John Hammer: "The Greensboro City Council uses the Greensboro Partnership to launder money"
...The Greensboro City Council uses the Greensboro Partnership to launder money, according to what the council was told at its work session on Tuesday, Feb. 22.
The council allocates $200,000 to the Partnership to be used by the Greensboro Economic Development Alliance (GEDA), but of that money $25,000 goes to Downtown Greensboro Inc. (DGI) and $30,000 goes to the Piedmont Triad Film Commission.
Dan Lynch, president of the GEDA, told the council Tuesday that the money was simply a pass-through. He said they were told to write a check for $25,000 to DGI and $30,000 to the film commission and he did, but he did not know why.
Councilmember Robbie Perkins said he knew. Perkins said, "The City Council under Keith Holliday wanted to support the film commission and at that time the chamber got $125,000. We said you have to give the film commission $30,000 and DGI $25,000."
...The council has been told repeatedly that DGI gets the downtown Business Improvement District (BID) money, which is revenue from an additional 9 cent property tax paid by downtown property owners, and that it also receives two allocations – one of $90,000 and the other for $155,000 – directly from the city. What the council had not been told until Tuesday was that DGI also receives a pass-through of $25,000 from the Partnership.
...According to the city budget, that $55,000 went to the GEDA for economic development, but the Partnership was directed to give the money to the film commission and DGI.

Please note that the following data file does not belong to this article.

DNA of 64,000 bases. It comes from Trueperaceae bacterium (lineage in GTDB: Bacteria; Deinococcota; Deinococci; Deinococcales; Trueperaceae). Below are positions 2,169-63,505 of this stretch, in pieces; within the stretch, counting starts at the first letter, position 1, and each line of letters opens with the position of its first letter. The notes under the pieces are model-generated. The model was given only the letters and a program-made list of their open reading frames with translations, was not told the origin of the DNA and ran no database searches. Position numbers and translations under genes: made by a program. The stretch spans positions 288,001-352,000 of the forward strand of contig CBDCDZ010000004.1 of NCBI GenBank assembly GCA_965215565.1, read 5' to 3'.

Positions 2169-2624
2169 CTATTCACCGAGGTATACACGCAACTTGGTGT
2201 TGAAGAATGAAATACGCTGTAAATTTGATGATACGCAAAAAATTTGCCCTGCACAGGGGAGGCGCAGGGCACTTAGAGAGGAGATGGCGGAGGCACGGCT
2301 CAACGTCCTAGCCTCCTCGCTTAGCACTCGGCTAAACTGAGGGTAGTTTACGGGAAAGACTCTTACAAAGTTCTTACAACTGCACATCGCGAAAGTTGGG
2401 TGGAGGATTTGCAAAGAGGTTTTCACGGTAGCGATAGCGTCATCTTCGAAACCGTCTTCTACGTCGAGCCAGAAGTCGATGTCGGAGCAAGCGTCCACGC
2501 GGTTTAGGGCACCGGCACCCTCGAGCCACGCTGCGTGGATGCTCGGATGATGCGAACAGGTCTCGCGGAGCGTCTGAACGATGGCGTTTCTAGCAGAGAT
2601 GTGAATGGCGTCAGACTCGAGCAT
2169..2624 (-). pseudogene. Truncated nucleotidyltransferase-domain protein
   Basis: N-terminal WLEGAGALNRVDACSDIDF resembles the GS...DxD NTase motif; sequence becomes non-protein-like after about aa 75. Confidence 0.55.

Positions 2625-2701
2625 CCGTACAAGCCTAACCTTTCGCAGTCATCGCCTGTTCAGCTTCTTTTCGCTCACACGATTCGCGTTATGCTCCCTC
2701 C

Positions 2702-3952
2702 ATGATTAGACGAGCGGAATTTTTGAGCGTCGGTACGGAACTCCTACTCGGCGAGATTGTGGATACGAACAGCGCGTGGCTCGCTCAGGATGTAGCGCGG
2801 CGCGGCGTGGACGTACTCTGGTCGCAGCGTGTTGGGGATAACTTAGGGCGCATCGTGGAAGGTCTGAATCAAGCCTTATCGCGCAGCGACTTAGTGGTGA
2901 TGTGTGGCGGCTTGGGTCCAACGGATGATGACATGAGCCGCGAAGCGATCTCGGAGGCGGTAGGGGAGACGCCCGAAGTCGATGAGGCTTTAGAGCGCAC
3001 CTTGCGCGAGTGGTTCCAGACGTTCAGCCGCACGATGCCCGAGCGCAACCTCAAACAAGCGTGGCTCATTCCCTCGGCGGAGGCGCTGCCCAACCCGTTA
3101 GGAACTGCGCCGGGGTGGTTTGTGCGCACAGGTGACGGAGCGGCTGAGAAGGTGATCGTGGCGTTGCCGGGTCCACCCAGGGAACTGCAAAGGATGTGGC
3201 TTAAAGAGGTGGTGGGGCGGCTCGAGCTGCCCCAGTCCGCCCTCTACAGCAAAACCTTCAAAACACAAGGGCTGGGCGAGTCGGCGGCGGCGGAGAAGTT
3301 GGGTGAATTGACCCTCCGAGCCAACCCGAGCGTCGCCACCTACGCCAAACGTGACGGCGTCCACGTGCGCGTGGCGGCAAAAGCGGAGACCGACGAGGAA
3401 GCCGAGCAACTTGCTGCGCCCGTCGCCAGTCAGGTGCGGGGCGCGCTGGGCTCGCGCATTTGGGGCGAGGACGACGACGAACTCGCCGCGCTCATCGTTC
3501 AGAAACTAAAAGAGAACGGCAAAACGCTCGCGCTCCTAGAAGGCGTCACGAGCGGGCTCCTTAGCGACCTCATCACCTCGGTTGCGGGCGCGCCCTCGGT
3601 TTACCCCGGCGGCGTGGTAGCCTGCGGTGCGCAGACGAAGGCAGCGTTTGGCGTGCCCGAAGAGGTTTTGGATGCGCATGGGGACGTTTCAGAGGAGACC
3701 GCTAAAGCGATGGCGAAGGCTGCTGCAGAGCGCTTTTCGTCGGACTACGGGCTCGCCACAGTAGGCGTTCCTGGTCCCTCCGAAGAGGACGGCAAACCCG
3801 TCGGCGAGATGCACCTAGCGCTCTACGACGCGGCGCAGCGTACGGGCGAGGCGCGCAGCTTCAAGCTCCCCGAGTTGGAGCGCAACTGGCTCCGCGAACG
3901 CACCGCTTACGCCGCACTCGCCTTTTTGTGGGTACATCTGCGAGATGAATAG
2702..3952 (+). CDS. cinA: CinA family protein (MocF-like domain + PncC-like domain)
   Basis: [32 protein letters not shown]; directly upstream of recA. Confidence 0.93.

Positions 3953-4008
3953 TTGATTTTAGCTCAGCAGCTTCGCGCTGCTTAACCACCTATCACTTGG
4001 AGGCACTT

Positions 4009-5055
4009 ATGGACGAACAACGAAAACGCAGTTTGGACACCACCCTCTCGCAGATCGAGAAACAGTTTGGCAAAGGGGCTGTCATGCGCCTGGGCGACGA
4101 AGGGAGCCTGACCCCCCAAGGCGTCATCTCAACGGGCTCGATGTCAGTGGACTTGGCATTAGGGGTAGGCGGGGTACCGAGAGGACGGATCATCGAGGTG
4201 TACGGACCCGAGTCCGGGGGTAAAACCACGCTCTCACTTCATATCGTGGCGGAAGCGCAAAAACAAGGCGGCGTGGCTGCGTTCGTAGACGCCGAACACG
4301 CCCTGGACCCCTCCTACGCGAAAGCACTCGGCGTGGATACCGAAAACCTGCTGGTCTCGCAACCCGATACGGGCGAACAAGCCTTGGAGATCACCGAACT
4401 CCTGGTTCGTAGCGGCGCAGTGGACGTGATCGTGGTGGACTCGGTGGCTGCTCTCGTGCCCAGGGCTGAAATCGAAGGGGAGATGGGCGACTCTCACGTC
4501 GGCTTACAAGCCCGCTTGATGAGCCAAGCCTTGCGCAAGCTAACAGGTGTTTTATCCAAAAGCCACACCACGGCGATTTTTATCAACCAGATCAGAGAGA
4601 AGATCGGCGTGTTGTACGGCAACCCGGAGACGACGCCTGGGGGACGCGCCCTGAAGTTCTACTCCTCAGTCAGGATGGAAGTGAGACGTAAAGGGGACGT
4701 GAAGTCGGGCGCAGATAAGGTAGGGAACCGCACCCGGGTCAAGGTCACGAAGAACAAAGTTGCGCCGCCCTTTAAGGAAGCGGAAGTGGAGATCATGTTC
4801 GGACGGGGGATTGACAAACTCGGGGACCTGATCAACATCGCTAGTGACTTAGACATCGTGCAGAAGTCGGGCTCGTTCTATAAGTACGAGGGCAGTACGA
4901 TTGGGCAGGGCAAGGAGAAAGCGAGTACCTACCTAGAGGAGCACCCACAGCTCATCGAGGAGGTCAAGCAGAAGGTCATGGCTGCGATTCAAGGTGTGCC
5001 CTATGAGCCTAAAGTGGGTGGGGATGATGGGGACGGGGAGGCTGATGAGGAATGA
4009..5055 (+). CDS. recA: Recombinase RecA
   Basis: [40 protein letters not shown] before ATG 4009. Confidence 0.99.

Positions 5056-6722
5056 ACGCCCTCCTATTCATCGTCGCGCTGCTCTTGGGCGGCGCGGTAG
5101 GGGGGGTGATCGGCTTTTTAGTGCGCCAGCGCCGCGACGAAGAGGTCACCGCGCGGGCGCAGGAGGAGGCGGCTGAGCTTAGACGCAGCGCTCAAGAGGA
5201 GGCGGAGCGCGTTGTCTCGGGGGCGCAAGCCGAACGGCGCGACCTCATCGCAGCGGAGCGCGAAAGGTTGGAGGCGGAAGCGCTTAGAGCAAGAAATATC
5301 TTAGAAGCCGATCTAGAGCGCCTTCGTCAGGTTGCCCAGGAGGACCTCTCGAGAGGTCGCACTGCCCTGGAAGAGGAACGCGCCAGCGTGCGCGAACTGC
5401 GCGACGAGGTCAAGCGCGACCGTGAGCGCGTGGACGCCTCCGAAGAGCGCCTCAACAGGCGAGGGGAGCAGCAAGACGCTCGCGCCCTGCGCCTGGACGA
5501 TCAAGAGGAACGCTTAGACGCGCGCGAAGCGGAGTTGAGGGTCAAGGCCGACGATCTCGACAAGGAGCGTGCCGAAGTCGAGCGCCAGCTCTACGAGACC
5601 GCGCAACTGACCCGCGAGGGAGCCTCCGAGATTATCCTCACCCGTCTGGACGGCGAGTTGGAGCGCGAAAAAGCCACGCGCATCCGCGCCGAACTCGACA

...The reason for the pass-through is that when the City Council is cutting budgets of city departments and telling employees there is no money for raises, it is not politically expedient to hand out money to the film commission or to give even more money to DGI, which has a large fund balance of its own.
...President of the Partnership Pat Danahy was attempting to explain how the different small business and entrepreneurship development divisions of the organization fit together, and said, "So that is really confusing."
He could have said that for the entire structure of the organization, which is led by a board of 60.
What board of 60 could possibly be effective at running an organization?
The Partnership is confusing and it cannot be helpful in recruiting industry to this area to have an economic development organization that even the president of the organization finds confusing.
...One of the more interesting statistics listed was that GEDA had recruited and retained 1,555 jobs in the past year. Unfortunately that does not include the 1,500 jobs that were lost when American Express decided to close its call center."